Most of us in the working world will, at some point, experience how it feels to be unemployed, but whether or not you learn everything that you can from it, and make the most of it, is up to you. Here are some tips I've picked up along the way.
Unemployment is no cake walk for anyone involved. In spite of the anxiety and frustration it can bring, I won’t deny that, in the end, I learned a lot from our unemployment experiences, and the knowledge I’ve gained has been beneficial in leading us through the next unemployment. If you find yourself in this situation, here are a few things I've picked up along the way that just might make enduring this trial (and with class!) a tiny bit easier for you to do:
1. THE BEST THING YOU CAN DO IS GET BUSY
When we've experienced a job loss, the best thing we've done is getting right back in the game. We've even gotten to the point that we start looking the same day we get the news. If you're the supporter of a spouse who's lost their job, you should get busy too. The less time you have to worry about things, the better.
2. GOOD JOBS DON’T COME ALONG OVERNIGHT
When my husband lost his first job, I pressured him non-stop to get another job fast. I realized my mistake when he took the first thing he could find, and it turned out to be a sales position which never paid him a cent. It was wasted time in our ‘good’ job finding effort, and I didn’t repeat that mistake again. Give your spouse some time to work out the details and find a job that will last.
3. YOUR KIDS NEED TO KNOW THE TRUTH
Hiding the loss of a job from your children ‘in order to protect them’ may not be the best idea. They’re smart little people and they'll pick up on it. If you aren’t upfront with them about what’s happening, you may end up causing them more worry than is necessary. Tell them what's happening. Assure them of your resources; your family and friends. Remind them that come-what-may, you will get through this together. Let them know that there’s no need to worry — that you have funds set aside for things like this — and that nothing is going to change anytime soon. Then, hide up in the bedroom, find those 'funds,' and get to work.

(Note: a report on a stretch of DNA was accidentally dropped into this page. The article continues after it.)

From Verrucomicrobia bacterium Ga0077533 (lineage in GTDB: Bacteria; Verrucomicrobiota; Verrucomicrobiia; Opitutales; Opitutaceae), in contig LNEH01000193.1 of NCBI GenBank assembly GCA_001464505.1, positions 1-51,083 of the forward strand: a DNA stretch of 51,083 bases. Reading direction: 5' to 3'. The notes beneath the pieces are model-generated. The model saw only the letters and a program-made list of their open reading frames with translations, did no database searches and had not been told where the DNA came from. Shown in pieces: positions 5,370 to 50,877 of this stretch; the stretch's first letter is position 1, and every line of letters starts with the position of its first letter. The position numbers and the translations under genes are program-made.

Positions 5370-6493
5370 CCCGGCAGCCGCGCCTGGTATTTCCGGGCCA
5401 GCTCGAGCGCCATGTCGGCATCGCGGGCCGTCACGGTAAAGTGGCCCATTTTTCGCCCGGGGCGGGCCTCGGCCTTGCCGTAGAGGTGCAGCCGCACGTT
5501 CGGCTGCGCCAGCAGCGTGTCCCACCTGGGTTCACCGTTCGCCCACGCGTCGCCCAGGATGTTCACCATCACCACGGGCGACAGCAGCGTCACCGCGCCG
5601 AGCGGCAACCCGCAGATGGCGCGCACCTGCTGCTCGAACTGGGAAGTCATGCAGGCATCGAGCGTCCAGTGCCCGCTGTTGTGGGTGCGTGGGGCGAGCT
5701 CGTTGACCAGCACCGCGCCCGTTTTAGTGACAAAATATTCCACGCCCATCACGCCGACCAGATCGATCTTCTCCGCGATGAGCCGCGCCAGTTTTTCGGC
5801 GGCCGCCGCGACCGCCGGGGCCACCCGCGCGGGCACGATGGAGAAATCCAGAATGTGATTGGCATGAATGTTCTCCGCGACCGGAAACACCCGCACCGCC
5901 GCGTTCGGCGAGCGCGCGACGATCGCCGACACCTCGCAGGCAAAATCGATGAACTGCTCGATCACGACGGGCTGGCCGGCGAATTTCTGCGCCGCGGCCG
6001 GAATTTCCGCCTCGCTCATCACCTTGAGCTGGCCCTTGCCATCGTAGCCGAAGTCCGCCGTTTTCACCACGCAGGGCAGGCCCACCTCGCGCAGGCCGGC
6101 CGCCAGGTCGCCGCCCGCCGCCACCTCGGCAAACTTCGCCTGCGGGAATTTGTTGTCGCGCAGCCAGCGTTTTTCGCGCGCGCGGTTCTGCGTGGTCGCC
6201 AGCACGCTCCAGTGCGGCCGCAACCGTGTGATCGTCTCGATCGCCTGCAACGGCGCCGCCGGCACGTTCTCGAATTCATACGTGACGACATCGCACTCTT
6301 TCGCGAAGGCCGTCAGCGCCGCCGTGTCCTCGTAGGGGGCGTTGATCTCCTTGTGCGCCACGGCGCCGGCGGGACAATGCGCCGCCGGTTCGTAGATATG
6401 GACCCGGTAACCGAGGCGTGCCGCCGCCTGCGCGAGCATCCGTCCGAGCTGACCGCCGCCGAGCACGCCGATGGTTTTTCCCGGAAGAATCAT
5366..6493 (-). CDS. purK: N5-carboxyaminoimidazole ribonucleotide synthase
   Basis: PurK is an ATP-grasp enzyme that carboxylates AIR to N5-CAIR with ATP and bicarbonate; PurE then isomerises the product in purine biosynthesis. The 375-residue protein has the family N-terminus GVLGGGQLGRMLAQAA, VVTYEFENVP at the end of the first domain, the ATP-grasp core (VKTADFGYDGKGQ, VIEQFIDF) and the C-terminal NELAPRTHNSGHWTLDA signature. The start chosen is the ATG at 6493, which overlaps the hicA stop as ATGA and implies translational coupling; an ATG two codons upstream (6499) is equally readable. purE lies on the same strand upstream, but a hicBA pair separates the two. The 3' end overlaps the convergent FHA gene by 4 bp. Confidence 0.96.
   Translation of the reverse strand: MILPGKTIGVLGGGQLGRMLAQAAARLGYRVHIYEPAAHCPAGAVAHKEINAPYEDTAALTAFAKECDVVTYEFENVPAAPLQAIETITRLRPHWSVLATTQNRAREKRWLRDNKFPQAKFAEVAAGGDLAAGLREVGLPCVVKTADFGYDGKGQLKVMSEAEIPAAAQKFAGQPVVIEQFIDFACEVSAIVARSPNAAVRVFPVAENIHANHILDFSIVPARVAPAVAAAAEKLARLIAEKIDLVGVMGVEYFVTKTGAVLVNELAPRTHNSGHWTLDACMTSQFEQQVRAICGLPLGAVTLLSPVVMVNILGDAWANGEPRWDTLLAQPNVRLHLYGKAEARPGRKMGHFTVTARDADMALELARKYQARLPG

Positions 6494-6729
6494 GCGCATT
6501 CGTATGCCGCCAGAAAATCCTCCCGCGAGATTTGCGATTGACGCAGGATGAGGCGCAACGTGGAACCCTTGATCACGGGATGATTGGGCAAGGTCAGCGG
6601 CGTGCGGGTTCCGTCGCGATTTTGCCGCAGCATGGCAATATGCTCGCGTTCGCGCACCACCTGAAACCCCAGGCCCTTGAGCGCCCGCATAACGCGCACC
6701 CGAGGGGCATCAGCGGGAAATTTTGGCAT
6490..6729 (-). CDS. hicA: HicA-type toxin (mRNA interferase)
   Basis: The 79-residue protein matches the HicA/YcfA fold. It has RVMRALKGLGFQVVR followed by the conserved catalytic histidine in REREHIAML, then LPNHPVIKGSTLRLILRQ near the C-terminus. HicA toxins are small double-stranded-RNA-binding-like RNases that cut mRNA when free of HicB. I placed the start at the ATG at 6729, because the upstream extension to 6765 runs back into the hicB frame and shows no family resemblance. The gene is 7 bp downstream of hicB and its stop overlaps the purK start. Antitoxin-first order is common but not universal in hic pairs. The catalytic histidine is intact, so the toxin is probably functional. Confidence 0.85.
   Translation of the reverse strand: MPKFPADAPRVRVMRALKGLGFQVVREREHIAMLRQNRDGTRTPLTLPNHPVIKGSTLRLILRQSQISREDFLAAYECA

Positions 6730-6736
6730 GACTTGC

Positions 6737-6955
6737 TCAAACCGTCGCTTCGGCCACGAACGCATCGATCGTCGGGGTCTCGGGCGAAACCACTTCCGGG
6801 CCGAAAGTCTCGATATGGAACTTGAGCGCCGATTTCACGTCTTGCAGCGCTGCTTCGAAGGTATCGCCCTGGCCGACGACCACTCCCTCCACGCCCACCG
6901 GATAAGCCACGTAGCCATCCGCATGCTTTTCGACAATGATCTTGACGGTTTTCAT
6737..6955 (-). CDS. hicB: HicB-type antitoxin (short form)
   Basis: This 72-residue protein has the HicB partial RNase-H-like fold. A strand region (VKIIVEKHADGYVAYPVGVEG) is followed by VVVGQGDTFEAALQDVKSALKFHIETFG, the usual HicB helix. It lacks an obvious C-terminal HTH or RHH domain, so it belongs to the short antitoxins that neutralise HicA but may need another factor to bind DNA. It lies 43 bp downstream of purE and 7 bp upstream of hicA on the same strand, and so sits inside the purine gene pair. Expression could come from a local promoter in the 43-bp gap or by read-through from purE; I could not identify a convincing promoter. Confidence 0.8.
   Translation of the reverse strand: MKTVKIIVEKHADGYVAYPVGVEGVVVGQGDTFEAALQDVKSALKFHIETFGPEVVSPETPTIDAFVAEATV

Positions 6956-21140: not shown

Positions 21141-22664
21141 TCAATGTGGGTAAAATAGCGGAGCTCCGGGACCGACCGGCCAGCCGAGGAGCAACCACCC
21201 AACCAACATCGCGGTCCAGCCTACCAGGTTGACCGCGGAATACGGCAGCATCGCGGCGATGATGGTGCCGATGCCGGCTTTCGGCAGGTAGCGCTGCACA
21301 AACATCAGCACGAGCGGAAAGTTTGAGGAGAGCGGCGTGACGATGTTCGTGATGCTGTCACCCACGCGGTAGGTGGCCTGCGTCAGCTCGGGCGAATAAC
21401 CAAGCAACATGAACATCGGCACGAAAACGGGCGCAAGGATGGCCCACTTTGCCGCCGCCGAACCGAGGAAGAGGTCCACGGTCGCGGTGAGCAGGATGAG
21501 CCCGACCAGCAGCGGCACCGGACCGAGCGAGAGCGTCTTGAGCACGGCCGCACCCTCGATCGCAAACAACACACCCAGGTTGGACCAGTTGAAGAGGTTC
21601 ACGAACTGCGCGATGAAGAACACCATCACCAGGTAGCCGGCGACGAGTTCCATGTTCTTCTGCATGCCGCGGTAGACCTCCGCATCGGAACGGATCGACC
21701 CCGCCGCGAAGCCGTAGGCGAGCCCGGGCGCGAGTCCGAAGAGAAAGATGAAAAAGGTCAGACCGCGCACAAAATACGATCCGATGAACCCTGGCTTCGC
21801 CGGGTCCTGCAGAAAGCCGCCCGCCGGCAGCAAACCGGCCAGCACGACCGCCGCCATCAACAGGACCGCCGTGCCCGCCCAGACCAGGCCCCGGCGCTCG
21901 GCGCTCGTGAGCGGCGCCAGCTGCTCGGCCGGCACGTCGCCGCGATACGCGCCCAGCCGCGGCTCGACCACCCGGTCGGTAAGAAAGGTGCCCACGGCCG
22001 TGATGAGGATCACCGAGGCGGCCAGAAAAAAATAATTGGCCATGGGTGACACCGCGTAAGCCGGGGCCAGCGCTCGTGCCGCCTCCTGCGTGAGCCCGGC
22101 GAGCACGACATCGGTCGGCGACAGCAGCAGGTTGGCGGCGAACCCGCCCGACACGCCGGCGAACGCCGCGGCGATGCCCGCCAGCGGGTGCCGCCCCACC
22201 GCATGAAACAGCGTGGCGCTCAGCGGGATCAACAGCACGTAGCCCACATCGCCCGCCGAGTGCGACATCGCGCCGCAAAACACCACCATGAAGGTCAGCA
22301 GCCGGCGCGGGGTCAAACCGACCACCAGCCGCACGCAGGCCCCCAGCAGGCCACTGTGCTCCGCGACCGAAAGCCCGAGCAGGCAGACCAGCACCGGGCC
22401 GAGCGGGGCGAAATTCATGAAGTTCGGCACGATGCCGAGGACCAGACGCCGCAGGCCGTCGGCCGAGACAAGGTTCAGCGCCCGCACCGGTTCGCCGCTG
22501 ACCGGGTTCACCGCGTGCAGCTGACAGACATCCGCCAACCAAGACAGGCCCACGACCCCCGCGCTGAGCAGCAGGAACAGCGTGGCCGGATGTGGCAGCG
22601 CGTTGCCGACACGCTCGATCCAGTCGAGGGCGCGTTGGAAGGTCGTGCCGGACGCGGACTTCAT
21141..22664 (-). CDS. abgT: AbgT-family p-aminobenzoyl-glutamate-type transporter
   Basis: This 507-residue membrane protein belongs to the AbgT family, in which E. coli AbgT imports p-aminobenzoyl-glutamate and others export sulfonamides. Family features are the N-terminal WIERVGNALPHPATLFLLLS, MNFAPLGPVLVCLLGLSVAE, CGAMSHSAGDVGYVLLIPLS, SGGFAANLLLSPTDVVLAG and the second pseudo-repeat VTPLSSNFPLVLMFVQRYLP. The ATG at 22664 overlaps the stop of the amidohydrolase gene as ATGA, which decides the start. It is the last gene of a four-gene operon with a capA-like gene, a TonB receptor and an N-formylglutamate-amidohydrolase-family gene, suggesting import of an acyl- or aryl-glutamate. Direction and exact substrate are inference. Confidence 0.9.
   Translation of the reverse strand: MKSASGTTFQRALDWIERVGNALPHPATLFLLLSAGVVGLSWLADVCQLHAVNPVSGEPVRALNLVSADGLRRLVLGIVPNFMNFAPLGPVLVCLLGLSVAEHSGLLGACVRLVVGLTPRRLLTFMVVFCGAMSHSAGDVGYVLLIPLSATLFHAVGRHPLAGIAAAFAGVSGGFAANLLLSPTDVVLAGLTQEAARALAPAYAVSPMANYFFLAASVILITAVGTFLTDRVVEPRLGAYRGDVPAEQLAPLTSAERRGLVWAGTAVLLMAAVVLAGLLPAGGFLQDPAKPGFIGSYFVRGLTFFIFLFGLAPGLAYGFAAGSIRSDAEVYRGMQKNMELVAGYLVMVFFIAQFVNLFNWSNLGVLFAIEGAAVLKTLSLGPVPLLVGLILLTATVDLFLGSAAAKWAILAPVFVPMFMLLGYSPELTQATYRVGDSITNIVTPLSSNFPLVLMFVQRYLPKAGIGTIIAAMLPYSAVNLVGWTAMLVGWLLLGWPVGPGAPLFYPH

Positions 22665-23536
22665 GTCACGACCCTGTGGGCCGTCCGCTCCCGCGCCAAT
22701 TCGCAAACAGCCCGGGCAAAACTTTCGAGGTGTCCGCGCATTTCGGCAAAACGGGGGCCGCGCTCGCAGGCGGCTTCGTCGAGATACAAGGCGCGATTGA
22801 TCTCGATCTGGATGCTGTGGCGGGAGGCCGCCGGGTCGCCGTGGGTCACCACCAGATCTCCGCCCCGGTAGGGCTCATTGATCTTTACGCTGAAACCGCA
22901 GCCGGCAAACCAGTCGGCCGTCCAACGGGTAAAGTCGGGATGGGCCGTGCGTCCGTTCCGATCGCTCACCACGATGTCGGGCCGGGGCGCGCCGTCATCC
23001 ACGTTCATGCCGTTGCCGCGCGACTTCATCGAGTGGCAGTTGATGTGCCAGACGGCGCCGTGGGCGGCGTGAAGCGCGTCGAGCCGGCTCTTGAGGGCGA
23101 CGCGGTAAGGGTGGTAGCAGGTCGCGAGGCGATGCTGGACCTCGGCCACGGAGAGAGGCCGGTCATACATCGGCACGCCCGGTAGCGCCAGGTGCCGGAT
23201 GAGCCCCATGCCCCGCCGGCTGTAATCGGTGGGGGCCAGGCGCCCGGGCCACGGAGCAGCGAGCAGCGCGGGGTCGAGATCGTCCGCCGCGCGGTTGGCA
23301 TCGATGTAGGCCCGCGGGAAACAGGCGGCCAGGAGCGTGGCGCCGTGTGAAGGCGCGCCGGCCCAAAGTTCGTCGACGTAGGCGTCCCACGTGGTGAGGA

4. FIND YOUR OWN PERSONAL SUPPORT SYSTEM
Losing a job is no ideal scenario for the employee, but it’s not easy to be the support of that employee either, especially if you're totally dependent on that income. You might feel you have no control over what’s happening or when you'll be receiving income again, are forced to put on a happy face for the children, and still keep the house running. A good friend that won't cast judgments is the best gift you can give yourself at a time like this. Cry (or scream) with them on the phone, then put your smile on and get back out there.
5. YOU MIGHT HAVE TO GO THROUGH THE WORST CASE SCENARIO, AND YOU CAN THANK FATE LATER
. Losing a job can mean lots of scary things from losing a home, to moving, to losing friends. I’m not going to lie, none of these things are fun or easy to overcome, but I will say this: You can make it through! You might lose that house. You might lose your cars. You might end up in a rental with a Junker in the carport. You might have to give up your cable and your fast internet. All that and more — but here's the life lesson: Life can be really good anyway.You'll make many awesome memories in that rental, and you'll laugh later about the broken down car, but you'll make friends while you're looking for a carpool, and you might just end up liking some of the life changes you'll make along the way. It's a great lesson to learn; it turns out that sometimes the worst case scenario isn't so bad after all.
6. IT ENDS
If there were one thing I could leave with you to ease your burden at this time of stress, it’s this: eventually, you WILL find a new job. It may not be as quick as you’d like, or the job you’d prefer to end up with, but somehow — in some way, you'll get through it. And if you can do it together, as a team, you'll end up stronger for it. And after all, that’s what life is all about. Learning to endure trials with class, and finding out what really matters along the way.